Staff Book Reviewer Spencer Dew is the author of the novel Here Is How It Happens (Ampersand Books, 2013), the short story collection Songs of Insurgency (Vagabond Press, 2008), the chapbook Mont-Saint-Michel and Chartres (Another New Calligraphy, 2010), and the critical study Learning for Revolution: The Work of Kathy Acker (San Diego State University Press, 2011). His Web site is spencerdew.com.
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In an Afterword, Gordon talks about this book, the sort of action it is. The whole thing speaks to this, theorizing even as it exemplifies, like the demonstrator demonstrating one method for the delivery of flaming gasoline, talking us through the angle of wrist at the moment of release, etc. Gordon writes here about that ever-floating “this” that the poem spills its spotlight all around: “This gray, golf knife’s serrations / This egg (and that egg) and their difference (outwardly minimal),” for instance, and he writes, too, in a piece with all the fist-shaking fervor of a manifesto, “For weather / Against forecasts,” “For the clit / Against the clock,” and “For a girl / floating / for a few seconds / across / the parking lot / Against what’s only / an ordinary / skateboard / underneath her.” This is a call for poems “textured / with the sky / night / stars / and the sun” and against any vivisection or reductionism. “The poem isn’t interested in helping you,” he writes elsewhere, after a few lines about adherence, acquiescence, and “wallpaper wallpaper wallpaper” and the instruction to “Look imaginatively at a pineapple and disappear. Look imaginatively / at a pineapple and disappear.” My point is, by the Afterword, we know what kind of action this book is, but it’s nice to have it spelled out one more time, in prose. Gordon contrasts narrative, stories, with “chatter and babble,” the Word Kingdom. He tells of a time, when he was younger, and a number of first responders rushed past in the night, sirens blaring, driving on, leaving in their wake the dogs of the neighborhood, a countless number, all mimicking in inexact but visceral tones, making something like the sound of sirens: “It felt simultaneously sad and triumphant,” he recalls. The poetry here, likewise, strives to be “mimetic chatter and babble moving paradoxically from intellection to imagination,” or, more tersely put, “The word kingdom in the Word Kingdom.”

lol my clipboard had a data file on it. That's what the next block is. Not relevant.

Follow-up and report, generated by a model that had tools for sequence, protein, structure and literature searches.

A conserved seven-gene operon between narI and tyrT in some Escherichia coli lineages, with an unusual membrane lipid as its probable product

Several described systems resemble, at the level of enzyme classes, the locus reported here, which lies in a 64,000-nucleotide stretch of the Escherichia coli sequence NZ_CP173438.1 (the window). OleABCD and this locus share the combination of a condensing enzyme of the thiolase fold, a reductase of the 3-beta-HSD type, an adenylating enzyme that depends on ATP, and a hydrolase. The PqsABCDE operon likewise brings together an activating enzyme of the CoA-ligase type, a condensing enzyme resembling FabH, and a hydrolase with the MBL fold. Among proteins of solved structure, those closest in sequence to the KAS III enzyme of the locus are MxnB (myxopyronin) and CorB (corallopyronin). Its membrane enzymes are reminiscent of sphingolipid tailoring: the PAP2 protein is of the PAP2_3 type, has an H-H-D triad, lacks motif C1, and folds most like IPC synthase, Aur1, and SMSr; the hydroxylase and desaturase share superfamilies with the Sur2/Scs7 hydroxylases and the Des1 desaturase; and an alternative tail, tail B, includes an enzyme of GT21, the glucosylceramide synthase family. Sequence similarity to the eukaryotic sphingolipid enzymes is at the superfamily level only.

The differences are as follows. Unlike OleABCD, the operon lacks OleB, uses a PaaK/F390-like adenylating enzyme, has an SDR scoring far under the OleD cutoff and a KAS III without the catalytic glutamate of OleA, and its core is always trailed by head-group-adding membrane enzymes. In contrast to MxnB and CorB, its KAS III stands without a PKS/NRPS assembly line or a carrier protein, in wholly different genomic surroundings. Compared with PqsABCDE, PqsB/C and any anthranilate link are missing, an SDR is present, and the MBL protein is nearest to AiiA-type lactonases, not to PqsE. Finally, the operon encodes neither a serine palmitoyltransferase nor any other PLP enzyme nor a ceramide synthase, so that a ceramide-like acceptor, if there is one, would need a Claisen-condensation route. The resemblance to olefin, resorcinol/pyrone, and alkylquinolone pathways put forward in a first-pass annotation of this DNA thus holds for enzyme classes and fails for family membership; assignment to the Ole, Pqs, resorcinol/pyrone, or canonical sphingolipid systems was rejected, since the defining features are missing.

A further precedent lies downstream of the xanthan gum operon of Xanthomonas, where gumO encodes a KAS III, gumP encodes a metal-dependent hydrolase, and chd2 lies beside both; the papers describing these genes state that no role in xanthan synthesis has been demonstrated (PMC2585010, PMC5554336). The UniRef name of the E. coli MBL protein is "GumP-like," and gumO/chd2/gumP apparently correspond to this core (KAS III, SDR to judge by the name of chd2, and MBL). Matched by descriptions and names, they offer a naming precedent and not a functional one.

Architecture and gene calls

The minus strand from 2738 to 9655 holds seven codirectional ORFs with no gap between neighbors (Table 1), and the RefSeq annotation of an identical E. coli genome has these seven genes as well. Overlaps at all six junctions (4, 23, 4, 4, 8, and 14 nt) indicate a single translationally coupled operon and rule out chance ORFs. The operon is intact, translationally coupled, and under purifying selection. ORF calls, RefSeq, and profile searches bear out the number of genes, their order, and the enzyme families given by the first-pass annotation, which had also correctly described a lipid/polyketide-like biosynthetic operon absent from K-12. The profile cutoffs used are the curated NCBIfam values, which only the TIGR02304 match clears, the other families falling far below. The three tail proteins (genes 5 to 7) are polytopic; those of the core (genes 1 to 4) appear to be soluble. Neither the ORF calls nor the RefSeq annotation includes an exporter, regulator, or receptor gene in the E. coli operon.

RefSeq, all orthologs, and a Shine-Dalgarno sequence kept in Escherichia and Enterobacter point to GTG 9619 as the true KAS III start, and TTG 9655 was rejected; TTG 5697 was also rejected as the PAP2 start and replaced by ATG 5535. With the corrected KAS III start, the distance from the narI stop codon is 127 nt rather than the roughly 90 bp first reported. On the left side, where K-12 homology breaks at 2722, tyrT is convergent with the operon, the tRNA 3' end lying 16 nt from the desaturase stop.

Official Noah Eli Gordon Web Site
Official Brooklyn Arts Press Web Site